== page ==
By ABDULKADIR KHALIF
Recently, Mogadishu witnessed a rare national event.
The war-torn city came to a rare standstill for the burial of former president Aden Abdulle Osman, alias Aden Adde, who died in a Kenyan hospital on June 8.
The funeral, held at the Islamic Solidarity Mosque (Isbahaysiga) brought together Mogadishu residents and was attended by President Abdullahi Yusuf Ahmed, his predecessors Ali Mahdi Mohamed and Abdiqassim Salat Hassan and the city’s elite. The burial took place at Eel Irfid, on the city’s outskirts.
Radio commentators, government leaders and the public were in agreement that Aden Adde was a man of integrity.
He was the country’s first president after being deputy to the Italian Governor-General during the four years of pre-independent internal rule. He became president on July 1, 1960, when the former British and Italian colonies joined to form the Republic of Somalia.
His seven-year rule was a period distinguished by flourishing democracy.
He organised a constitutional referendum and three national elections. He lost in a widely contested election in July 1967, to Abdirashid Ali Sharmarke, a man who had once served under him as prime minister.
He peacefully handed over power to Sharmarke, to become arguably the first post-independence African leader to peacefully surrender power through a democratic process.
He was ranked among other great African leaders — Kwame Nkrumah of Ghana, Julius Nyerere of Tanganyika, Gamal Abdul Nasser of Egypt, Madibo Keita of Mali — who formed the Organisation of African Unity in 1963, and got Somalia into the United Nations, the Organisation of Islamic Countries and the Non-Alligned Movement.
In his honour, on June 9, Mogadishu’s main airport was renamed the Aden Adde International Airport.
His burial, however, came against a backdrop of violence that hit the city in the first two weeks of June.
On June 3, the residence-cum-office of Prime Minister Ali Mohammed Ghedi was attacked by a suicide-bomber. Six guards and two civilians died on the spot when a vehicle crashed into the perimeter wall of the residence.
The African Mission in Somalia (Amisom) force from Uganda quickly whisked Ghedi and his family to safety. “The premier is safe in an undisclosed location,” Captain Paddy Ankunda, the Amisom spokesman, told the media. The Ugandan peacekeepers know what they are up against. A May 16 blast killed four of their member in the heart of Mogadishu.
The prime minister was quick to blame groups linked to Al qaeda. “These bombers fear direct confrontations with pro-government forces and resort to this cowardly act of suicide or roadside bombing,” said Mr Ghedi.
Mogadishu’s new governor, Mohamed Omar Habeb alias Mohamed Dheere, said, “This type of action is planned and executed by elements bent on blocking the forthcoming reconciliation conference.” Dheere lost three of his deputies in one month of relentless insurgent attacks.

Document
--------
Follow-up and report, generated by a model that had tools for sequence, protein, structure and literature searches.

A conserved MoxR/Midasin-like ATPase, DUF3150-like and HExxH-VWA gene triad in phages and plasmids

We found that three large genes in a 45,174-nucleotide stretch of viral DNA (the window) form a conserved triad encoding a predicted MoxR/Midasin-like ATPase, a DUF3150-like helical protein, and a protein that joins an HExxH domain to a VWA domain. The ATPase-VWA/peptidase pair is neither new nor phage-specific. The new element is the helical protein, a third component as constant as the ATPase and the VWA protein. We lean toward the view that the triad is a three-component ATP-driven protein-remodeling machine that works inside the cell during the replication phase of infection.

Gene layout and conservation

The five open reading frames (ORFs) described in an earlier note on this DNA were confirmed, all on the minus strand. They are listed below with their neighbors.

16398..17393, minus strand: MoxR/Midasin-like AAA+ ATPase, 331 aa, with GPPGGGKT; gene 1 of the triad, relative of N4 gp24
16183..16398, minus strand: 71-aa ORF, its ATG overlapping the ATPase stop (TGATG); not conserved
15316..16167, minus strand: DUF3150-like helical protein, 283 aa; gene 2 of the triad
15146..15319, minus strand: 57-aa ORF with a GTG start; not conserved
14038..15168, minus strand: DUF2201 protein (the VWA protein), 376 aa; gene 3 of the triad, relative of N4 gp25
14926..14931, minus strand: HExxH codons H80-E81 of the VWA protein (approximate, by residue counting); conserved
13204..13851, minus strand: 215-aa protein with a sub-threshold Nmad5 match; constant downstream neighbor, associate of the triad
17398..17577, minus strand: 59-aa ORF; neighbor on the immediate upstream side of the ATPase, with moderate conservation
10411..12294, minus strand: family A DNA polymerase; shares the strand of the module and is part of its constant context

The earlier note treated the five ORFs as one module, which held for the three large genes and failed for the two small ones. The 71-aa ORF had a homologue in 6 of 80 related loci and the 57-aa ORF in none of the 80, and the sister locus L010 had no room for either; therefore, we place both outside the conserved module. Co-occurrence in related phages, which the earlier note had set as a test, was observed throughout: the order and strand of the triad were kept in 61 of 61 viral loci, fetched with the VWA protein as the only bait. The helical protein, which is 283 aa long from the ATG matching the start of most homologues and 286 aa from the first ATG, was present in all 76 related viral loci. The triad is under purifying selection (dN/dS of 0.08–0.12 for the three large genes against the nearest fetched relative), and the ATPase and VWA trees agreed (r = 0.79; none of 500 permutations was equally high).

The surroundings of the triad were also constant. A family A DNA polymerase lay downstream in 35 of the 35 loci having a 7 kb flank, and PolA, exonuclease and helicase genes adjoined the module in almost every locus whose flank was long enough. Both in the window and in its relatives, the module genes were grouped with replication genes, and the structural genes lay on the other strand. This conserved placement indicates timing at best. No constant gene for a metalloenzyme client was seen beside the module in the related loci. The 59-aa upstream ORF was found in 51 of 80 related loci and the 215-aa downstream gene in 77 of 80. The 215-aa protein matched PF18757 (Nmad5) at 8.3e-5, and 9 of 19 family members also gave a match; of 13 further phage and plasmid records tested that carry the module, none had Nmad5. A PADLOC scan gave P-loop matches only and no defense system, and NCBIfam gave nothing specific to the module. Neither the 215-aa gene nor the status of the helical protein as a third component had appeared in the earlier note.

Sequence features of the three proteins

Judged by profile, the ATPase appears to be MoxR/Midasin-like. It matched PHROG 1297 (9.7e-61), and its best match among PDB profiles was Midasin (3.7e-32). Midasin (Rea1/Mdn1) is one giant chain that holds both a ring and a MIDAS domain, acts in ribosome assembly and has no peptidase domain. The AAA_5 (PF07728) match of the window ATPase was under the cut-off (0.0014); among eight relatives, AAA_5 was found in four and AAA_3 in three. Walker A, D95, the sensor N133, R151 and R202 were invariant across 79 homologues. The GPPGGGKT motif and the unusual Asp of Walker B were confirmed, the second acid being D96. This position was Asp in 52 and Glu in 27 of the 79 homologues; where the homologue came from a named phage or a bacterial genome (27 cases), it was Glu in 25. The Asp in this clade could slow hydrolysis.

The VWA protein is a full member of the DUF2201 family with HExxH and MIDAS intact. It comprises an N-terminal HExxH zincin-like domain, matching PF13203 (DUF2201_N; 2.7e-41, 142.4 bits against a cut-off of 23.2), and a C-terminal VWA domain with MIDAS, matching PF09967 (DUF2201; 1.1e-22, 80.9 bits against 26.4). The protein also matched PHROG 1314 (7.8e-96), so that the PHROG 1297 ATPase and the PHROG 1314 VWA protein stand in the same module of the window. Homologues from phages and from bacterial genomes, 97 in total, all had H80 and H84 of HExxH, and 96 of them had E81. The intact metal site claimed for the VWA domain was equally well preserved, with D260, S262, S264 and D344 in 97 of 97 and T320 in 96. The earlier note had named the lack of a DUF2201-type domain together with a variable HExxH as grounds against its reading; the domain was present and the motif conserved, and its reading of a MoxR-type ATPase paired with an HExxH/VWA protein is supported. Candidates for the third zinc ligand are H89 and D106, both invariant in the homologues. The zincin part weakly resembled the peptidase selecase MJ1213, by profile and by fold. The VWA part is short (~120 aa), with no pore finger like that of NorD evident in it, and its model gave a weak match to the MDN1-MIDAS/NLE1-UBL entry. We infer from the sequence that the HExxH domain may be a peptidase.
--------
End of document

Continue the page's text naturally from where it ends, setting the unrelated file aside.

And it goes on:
Although the prime minister’s residence is heavily guarded, his security pales when compared with the well-protected headquarters of the Ethiopian troops in Mogadishu.
In a show of defiance in the face of the attacks, Ethiopia’s Prime Minister Meles Zenawi visited Mogadishu on June 5.
He met his Somalia counterpart, Mr Ghedi, and spoke to his country’s troops in the country. Part of the visit’s agenda was also to discuss the stabilisation plan for Somalia with President Abdullahi Yusuf.
However, Zenawi’s visit did not go down well with Eritrea’s President Isaias Afeworki. It is not a secret that Eritrea would like to see Ethiopia’s efforts in Somali fail.
President Afeworki is said to be hosting top Somali dissidents in Asmara, among them, Sheikh Sharif, the former executive head of the defunct Union of the Islamic Courts (UIC), Sharif Hassan Sheikh Aden, the former speaker of Somalia’s Transitional Federal Parliament (TFP) and Hussein Mohamed Aideed, a former TFG deputy premier and a small group of former members of the TFP, who refer to themselves as the “independent parliamentarians.”
The word in Mogadishu is that Eritrea is also hosting two Ethiopian dissident groups (the Ogaden National Liberation Front and the Oromo Liberation Front) and two Somali renegade groups (Somali independent parliamentarians and the Islamists).
Amid the confusion, hope now lies in the planned reconciliation conference led by an independent organising committee led by Ali Mahdi Mohamed.
At a recent gathering of civil society activists at Mogadishu’s Global Hotel, Ali Mahdi, flanked by his deputy, businessman Mohamud Jirdeh Hussein and former ambassador Abdurahman Abdi Hussein, said the differences within the Somali community should be a lot easier to resolve than those, say, in Burundi and Rwanda.
Nearly a million people were killed in Rwanda in just 100 days while we lost a fraction of that number in over a decade and half,” he said.
The Somali reconciliation conference organising committee recently toured Rwanda, to learn from the country’s experience — especially the healing process.
“The Rwandans have established genocide museums to keep the massacres, no matter how bitter, fresh in their memories and to serve as reminder of acts that should never be repeated,” said Mr Hussein Aideed.
Abdulkadir Khaliif Sh. Yusuf